NEW DELHI: Land pooling may be touted as the solution to the city’s growing housing requirement, but experts say that it should be done with proper planning, especially of essential services like water. Failure to plan would result in adding to the existing load and lead to chaos in the city.
Citing one of Asia’s largest sub-cities, Dwarka, as a case in point, experts pointed towards the water crisis being faced by residents there. The water problem was finally resolved, though partially, after a decade long struggle and a PIL in Delhi high court. The area remained unoccupied for years due to this and even today the sub-city is getting a little more than half of its actual requirement of water.
“It was a long battle for something as basic as water. DDA should have planned for essential services while developing the area,” said Sushil Kumar, president of Dwarka Forum which had filed the PIL. “All societies had paid lakhs for sewer and water connections. After our plea of acute water shortage, DDA was allowed to temporarily dig borewells to meet the requirement. DJB has now taken over the supply system so now we get good quality water,” Kumar added.
Urban planners fear that similar problems will crop up in urban extensions which will be developed under the land pooling policy. “It is a good policy, but issues related to essential services like water should be addressed at the conceptual stage. It shouldn’t be like Dwarka which struggled for water supply,” said KT Ravindran, urban designer and former chairperson of DUAC.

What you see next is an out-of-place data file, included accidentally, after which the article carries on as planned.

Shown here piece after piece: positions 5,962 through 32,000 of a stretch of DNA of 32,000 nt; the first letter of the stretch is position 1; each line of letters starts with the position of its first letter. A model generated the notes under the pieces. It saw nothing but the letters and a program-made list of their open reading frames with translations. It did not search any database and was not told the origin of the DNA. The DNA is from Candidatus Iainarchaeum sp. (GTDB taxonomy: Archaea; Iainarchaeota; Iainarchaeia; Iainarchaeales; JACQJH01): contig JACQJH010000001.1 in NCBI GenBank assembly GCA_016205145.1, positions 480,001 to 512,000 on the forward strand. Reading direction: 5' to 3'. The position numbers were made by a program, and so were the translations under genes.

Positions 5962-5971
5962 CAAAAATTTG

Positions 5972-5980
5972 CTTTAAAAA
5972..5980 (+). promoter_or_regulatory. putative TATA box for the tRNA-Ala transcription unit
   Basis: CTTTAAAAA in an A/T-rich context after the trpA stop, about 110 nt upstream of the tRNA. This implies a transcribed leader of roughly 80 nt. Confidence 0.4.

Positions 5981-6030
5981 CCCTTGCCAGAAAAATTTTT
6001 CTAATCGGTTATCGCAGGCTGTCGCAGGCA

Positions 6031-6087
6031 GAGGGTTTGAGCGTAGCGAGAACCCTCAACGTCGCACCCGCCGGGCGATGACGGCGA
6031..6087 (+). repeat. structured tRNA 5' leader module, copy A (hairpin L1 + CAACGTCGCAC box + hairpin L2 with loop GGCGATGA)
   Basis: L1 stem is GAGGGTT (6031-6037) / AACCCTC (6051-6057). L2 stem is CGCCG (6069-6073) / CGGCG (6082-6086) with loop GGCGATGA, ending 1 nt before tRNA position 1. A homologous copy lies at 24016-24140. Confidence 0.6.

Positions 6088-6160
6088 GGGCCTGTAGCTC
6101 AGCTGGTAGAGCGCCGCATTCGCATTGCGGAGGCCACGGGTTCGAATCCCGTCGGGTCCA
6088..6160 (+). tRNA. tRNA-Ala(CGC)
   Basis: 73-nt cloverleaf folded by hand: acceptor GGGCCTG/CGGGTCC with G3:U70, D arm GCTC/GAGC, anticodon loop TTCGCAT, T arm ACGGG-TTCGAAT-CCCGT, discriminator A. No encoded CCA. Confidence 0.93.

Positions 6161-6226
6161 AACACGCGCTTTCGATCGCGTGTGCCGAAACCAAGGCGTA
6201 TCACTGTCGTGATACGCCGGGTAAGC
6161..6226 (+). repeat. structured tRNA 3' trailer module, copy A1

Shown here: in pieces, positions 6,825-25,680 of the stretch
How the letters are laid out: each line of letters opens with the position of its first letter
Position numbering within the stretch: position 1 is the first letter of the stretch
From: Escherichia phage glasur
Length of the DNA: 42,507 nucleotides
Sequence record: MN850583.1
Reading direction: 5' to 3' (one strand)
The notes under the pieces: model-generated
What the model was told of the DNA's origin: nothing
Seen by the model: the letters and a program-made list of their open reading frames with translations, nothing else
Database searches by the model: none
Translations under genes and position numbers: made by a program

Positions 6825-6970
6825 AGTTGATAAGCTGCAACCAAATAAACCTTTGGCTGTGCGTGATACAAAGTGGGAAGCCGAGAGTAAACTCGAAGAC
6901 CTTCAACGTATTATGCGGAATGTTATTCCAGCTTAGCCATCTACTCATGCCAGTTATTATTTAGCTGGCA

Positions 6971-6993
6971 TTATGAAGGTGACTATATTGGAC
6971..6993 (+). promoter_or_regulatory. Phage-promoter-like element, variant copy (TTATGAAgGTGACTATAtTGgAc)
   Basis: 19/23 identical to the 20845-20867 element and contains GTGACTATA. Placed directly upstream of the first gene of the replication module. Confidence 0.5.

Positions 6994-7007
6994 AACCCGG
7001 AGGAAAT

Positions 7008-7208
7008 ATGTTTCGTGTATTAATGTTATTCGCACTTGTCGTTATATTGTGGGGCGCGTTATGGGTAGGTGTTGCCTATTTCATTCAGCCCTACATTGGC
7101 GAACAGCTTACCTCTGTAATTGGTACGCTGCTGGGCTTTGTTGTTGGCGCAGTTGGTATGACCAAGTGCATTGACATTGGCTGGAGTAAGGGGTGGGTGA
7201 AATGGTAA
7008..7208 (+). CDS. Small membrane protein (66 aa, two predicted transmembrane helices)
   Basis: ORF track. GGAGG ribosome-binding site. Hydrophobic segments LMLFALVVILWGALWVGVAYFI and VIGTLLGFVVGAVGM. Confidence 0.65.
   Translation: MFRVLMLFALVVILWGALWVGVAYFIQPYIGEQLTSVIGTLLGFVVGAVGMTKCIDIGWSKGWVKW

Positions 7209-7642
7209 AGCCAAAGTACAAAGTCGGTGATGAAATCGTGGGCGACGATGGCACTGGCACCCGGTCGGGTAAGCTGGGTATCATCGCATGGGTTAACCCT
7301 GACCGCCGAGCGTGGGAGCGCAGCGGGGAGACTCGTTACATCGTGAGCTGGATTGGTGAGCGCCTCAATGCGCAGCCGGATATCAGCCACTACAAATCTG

Under the policy, those who give 2-20 hectares will get 48% of the total land back, while those parting with 20 hectares and above will get back 60% for development of residential, commercial and public and semi-public facilities.
Villagers are, however, concerned about the location of the land they will be returned as it will directly impact their livelihood. They say if land is given in a remote, undeveloped corner then they will not benefit from it. Another concern of farmers is forced acquisition of land. A provision in the guidelines allows acquisition as per prevailing land rates by the government if a farmer’s land falls between parcels which have been given for land pooling.
Once implemented, DDA officials said that land pooling will help develop 24-25 lakh housing units without getting stuck in the land acquisition process. Experts added that this will help in de-densification and providing better quality of life in the city.
“We have seen 60 years of planning fail. This policy, if implemented properly, will help in reshaping the city. However, the government should think of generating employment potential outside the city so that there is de-densification,” said SM Akhtar, dean of department of architecture, Jamia Milia Islamia University.
Source: Times of India
6th September 2015